We’re highlighting four of Western Canada’s wetlands in honour of World Wetlands Day:

Whitewater Lake in southwest Manitoba fluctuates between very large and bone-dry. A quarter of a million birds rely on the lake which is an important breeding site and staging area for migratory birds.

Chaplin Lake in southern Saskatchewan is Canada’s second largest saline lake. It’s part of the Chaplin/Old Wives/Reed Lakes area, one of the most important inland sites for migratory birds in North America, including over half the world’s population of sanderlings. Chaplin Lake’s freshwater basins are used for bathing and drinking while the saltwater basins are used for feeding.

Alberta’s Beaver Hills/Cooking Lake Moraine is a transitional area between aspen parkland and boreal forest. Depressions in the moraine support wetlands, small lakes, and streams. It’s home to birds, mammals, reptiles, and amphibians as well as colonial nesting sites for pelicans and herons, and a wide range of rare plants. It is part of the Beaver Hills Biosphere Reserve.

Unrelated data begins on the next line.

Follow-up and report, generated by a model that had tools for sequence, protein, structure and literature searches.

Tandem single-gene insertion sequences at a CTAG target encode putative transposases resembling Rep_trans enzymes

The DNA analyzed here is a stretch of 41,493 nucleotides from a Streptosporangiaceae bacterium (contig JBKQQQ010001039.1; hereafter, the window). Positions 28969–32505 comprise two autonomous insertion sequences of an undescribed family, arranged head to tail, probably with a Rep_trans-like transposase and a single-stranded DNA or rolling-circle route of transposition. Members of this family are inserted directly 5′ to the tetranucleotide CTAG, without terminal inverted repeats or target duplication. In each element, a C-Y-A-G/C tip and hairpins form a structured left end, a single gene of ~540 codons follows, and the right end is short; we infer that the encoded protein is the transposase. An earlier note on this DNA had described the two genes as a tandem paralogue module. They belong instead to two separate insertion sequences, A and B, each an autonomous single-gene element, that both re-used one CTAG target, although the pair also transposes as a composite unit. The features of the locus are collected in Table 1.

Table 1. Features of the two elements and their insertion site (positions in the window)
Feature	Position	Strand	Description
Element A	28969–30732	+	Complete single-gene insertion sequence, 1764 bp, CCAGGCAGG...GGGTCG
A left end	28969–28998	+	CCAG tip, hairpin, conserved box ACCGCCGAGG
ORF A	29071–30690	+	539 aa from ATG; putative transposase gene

Sheltered water and rich nutrients make the Tofino Mudflats, on the inner side of the Tofino peninsula on Vancouver Island, home to a diverse wildlife population from wolves and bears to otters, eagles, and kingfishers. The mudflats are a mix of deep mud, channels, rocky beaches, and marshes.

Further Information

Wetlands [Canadian Wildlife Federation]

Alberta Wetlands Discovery Field Guide [Alberta Biodiversity Monitoring Institute]

Canada’s Prairie Pothole Region [Sierra Club]

Photo credit: https://www.flickr.com/photos/apmckinlay/48401379832

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